Jane Ward – Medical Herbalist
With the spring equinox upon us spring has finally returned. It’s now time to look at what is starting to sprout around us as the earth wakes up after a long hard winter.
The days around the vernal Equinox mid to late March and the following months were seen as a time of intense flowing energy, days get longer in length and the sunlight stronger, the first signs of green growth emerge from the soil and wild life gently awakens.
Herbalists still consider this a time when the more inward, congealing energies of winter begin to move outward to the expansive energies of summer. When a little attention is paid to this process we can improve our vitality, strengthen digestion and immunity, and keep us in-tune with the changing of the seasons.
There are certain herbal allies that have gained a reputation for aiding in this transition.
Many of the herbs mentioned below can be made into spring tonics.
This root is generally cooling in energy and is a tonic too, can be eaten like you would eat a carrot or could be simmered into a tonic brew. It is suited for people with a under active appetite. It’s chief traditional use is for acne and other skin complaints. Use 2 TBS per pint of water along with other herbs.
A true remedy that mixes well with herbs for almost most complaints. Dandelion is a catalyst for change and gently enhances digestion and eliminative functions in the body. When in doubt this is the root to gather. The roots energy is cooling and enhances the detox process through the liver. Helping us resolve that sluggishness which may have been accumulated over winter. Use 2 TBS of chopped root per pint of water.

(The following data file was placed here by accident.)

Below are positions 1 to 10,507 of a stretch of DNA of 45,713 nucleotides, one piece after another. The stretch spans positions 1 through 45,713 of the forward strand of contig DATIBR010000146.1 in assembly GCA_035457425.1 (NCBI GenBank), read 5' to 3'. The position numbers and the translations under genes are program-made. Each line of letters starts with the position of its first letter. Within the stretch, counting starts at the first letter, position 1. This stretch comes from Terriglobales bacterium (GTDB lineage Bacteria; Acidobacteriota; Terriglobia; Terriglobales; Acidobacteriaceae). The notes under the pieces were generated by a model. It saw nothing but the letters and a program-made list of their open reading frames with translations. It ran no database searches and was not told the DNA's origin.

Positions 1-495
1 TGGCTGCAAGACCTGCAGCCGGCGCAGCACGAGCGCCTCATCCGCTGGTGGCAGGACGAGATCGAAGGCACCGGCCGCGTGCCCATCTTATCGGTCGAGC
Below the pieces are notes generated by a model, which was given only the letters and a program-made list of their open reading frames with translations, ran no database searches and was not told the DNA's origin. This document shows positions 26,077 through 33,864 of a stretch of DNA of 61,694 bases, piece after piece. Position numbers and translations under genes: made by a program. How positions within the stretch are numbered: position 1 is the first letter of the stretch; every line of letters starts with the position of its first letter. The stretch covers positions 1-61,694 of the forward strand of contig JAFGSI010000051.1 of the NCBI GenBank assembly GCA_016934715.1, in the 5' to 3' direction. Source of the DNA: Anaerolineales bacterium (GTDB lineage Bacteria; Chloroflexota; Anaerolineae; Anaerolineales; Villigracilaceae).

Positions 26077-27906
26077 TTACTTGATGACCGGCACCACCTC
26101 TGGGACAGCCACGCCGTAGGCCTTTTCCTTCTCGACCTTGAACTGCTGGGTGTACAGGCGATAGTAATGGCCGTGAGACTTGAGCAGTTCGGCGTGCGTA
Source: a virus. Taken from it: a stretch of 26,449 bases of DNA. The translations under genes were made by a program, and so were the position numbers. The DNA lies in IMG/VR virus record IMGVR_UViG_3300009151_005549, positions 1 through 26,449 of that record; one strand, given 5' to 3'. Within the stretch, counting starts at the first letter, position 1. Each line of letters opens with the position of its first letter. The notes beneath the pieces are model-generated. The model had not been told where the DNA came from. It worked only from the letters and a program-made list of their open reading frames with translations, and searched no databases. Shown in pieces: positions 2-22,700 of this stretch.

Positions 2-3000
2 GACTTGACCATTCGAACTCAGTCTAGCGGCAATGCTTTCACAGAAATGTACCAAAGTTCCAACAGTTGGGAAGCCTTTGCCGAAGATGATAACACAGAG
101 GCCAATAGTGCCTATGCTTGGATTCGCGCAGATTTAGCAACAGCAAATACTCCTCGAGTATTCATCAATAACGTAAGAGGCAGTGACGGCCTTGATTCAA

This green herb comes a little later in the spring but makes a great cooling tonic for people who are prone to swelling and fluid retention in the legs. They can be juiced and an ounce of juice can be taken as a daily tonic.
This herb is warming and drying. It is great for those who show signs of fluid retention, also for those who are lacking iron and minerals.
Herbalists use the young leaves in soups or a herbal tea. Use about 2 TBS of chopped leaves a day .
A note on preparation
Many of the herbs mentioned release their medicinal constituents during a process called decocting. The resulting brew is often called a decoction. It is best achieved by simmering herbs in water in a stainless steel pan covered, for 15 mins on a low heat. Finally strain the brew and drink immediately.
I am also running a competition at the moment to Name my New Herbal Night Time Tea… I am creating a new Herbal tea blend to aid sleep. Please send me your ideas for a name to the Sanctuary email and win your own packet to try first. All you need to do is name the tea, give your name and email so we can contact you.
Best name will be announced at our May Day/Earth day celebration on the 29th April. Good luck!